When did it become the expectation that parents would host birthday parties for entire school classes? I just don’t remember this being something that my mom did but maybe we were just the odd ones. Or its been a long time and I have forgotten. I remember lots of friends but that included neighbors, cousins and teammates.
Enter the pre-school age and all of a sudden there are rules and an entire social construct around kids birthday parties.
Elaborate invitations to big parties for all the kids in the class. Sign up sheets to attend parties at museums, trampoline parks, zoos and more. I was unprepared.
Parents have to learn the hard way that there are rules to party planning. If you can’t invite everyone then hurt feelings can get in the way. It doesn’t have to be so complicated. Call us antisocial but we made an arbitrary rule in our house that we would not be inviting entire classes to parties.
Our daughter was only given the option of an all-friends party when she hit kindergarten.
Until that point it was family only festivities with some close family friends mixed in to celebrate the special day.
We still did it up Pinterest style (or as close as I get) and let her pick her own decor and treats.
I put a lot of time and energy working with my mom or mother-in-law to make these events special and she had a blast, even when she was too young to know the milestones celebrated. It was just for her and for the people who love her most. It felt special and an easily adapted birthday tradition.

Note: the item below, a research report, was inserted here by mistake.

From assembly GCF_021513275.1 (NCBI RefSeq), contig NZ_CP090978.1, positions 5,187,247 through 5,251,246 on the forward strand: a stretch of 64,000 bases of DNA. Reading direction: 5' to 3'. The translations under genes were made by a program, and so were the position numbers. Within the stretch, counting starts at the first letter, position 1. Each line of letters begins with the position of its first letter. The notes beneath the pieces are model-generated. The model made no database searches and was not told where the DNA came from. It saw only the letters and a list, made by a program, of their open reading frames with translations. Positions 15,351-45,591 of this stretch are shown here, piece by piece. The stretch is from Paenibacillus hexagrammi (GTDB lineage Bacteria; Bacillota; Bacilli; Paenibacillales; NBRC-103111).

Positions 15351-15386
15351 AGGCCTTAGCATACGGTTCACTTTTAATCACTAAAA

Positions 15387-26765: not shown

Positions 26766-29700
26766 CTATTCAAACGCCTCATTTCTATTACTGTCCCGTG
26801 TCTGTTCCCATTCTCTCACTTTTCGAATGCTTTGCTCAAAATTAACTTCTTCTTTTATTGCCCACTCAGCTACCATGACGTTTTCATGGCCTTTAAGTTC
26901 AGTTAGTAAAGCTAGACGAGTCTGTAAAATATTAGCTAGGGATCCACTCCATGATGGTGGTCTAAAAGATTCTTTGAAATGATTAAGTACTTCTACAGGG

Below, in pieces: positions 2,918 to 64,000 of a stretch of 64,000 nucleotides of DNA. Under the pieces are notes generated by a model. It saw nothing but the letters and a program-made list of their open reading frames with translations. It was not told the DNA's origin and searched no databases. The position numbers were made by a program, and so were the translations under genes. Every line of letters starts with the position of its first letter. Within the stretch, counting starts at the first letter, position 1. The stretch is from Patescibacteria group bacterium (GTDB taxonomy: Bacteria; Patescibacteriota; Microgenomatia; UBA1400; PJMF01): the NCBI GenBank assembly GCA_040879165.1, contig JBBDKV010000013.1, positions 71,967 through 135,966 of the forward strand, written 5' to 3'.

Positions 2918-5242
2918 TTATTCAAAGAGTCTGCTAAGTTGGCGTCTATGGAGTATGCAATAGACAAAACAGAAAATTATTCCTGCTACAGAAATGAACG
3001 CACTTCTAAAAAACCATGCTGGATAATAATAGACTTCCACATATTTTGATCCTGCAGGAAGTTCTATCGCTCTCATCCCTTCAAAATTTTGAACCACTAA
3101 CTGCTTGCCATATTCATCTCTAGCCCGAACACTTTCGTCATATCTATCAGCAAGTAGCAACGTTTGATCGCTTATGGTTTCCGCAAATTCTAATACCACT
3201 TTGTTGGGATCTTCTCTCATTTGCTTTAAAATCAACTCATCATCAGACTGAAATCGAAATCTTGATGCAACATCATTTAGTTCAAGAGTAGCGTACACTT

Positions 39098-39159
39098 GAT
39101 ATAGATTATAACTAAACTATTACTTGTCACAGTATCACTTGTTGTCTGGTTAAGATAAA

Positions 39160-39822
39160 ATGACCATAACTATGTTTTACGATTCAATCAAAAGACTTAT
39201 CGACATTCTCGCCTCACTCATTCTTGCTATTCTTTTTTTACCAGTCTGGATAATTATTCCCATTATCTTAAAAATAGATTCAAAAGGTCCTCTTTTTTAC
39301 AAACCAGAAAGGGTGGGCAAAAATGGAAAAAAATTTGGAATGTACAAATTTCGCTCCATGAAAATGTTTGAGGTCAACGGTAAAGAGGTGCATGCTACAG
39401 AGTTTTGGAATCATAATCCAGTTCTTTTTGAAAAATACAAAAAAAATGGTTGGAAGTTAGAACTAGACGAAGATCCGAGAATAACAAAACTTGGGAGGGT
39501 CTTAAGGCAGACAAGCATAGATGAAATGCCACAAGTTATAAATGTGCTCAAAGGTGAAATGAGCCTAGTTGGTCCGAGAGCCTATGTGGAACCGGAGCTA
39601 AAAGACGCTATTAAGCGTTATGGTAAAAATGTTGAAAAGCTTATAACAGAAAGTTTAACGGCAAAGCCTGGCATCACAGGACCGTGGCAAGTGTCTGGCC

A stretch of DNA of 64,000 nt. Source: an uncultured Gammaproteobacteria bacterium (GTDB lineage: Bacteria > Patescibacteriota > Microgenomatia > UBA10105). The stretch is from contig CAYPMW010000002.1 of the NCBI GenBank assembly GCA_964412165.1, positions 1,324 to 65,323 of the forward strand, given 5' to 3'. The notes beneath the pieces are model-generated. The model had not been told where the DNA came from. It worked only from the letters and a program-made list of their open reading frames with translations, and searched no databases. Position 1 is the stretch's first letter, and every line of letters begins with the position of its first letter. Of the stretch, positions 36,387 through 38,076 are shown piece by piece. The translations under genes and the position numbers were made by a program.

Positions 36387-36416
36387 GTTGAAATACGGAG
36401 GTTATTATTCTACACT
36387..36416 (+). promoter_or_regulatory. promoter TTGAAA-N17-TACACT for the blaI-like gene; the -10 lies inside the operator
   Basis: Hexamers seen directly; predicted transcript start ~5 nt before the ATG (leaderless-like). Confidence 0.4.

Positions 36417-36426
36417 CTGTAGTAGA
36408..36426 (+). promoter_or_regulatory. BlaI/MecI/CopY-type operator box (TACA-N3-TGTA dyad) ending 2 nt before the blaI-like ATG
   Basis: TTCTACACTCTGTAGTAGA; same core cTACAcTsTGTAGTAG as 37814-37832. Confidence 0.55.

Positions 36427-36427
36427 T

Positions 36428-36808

Now that we are in school and gaining a group of close friends things are changing again. So many celebration options available. The birthday girl has to prioritize and plan the who, what and where.
Now its a conscious decision about who to invite and who not to invite. There are more feelings involved.
Social media is also involved. Someone posts a few pictures on Facebook or Instagram of your daughters friends at what is clearly a celebration that your daughter wasn’t invited to. Does that make you wonder why? Do you think less of that child or parent? Do you show the pictures to your daughter and does she get upset?
The expectation that everyone needs an invite to everything just seems like a lot of unnecessary strain.
Let’s take a quick run through of some scenarios where your kid just might not make the party list.
Here are 8 Reasons Your Kid Might Not Get Invited To The Party.
She wants all the attention.
She wants the spotlight and the attention. All. Of. It. It’s the only day of the year that is all about her. Shes logical in her pursuits so she understands that more kids mean more divided attention. More kids increase the potential for hurt feelings all around.
It means more presents but she honestly doesn’t care about that. She wants the friends to orbit her on the special day. Do what she wants in the order she wants it done. To show praise and affection to only her. This day only comes around once a hear so, why not?
She doesn’t know you.
She has a fall birthday so that means that she has her special day just over a month into the new school year. That’s not enough time to get to know every kid in the class. It makes her uncomfortable to have forced interactions so this is not her favorite thing to do on her birthday.